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But rise is less than that for immigrants to “keep UK attractive”

International students will not have to pay as much as immigrants under new immigration fees announced by the Government yesterday.

Those looking to work or live in the UK, “who are making significant economic gains from their application”, will pay greater immigration fees. However, the same increase will not be applied to tourists, visitors and students.

Minister of State for Lifelong Learning, Further and Higher Education, Bill Rammell, said: “The Government recognises the benefits international students bring to the UK. The new fee structure is aimed at maintaining the attractiveness of the UK as a student destination, by keeping the student visa fee as low as possible, and in some cases reducing in cost over the next year”.

As of 1st April 2007, the revised student visa fee will be £99 ““ a rise of £14 from its last increase in 2005-2006, of £85.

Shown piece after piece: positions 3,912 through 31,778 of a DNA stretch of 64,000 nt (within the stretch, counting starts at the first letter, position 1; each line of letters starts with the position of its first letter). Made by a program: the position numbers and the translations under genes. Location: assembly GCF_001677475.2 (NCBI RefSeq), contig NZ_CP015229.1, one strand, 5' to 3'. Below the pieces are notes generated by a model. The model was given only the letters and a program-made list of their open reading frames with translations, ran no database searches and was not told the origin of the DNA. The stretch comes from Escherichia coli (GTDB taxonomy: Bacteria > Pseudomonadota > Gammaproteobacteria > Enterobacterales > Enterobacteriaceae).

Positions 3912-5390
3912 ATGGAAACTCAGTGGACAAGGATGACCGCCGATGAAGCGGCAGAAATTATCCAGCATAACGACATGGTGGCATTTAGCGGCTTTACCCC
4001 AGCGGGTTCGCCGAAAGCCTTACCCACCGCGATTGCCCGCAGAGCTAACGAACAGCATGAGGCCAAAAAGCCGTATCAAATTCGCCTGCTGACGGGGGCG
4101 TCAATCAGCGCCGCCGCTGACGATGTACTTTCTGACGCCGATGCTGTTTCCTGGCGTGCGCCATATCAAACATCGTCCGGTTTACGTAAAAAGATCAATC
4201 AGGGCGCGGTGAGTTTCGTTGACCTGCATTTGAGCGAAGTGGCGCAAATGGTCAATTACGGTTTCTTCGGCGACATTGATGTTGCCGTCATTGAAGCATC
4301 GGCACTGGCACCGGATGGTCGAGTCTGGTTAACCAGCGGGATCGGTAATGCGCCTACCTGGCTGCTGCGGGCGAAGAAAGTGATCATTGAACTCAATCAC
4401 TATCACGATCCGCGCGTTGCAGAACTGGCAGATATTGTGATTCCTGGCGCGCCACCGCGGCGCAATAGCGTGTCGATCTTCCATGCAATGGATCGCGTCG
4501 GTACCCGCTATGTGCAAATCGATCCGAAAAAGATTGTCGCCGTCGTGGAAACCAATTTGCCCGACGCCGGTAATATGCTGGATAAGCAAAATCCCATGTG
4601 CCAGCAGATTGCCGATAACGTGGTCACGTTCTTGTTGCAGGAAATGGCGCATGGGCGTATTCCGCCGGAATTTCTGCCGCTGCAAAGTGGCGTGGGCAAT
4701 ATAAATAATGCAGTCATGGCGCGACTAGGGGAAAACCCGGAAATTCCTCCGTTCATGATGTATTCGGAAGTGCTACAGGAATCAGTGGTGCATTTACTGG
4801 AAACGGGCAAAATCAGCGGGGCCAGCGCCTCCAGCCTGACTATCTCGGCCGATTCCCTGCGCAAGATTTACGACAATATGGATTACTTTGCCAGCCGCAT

Mr Rammell added: “[Yesterday’s] changes will help ensure Britain continues to attract the legal students who contribute so much to the UK’s economic and cultural life. The Home Office and UK Visas announcement today of new fees for Immigration and Nationality from 1st April shows the importance we attach to making sure the UK continues to be an attractive destination for international students”.

Issahaku Kotomah, International Students” Officer at the NUS, commented on the news: “NUS and the international students” committee welcome today’s announcement of special initial visa fees for international students. We are grateful that the voice of international students” has been heard, as many see fees as an additional barrier to come and study in the UK”.

Highlighting the notion that students should be paying less, he said: “International students are already faced with the cost of exponential international students course fees. We are welcoming the on-going discussion with the Government surrounding the points-based system. NUS is encouraged that the Government has recognised the value of international students and the need for the UK to be a competitive country in terms of initial visa fees”.

Vijay Pattni.

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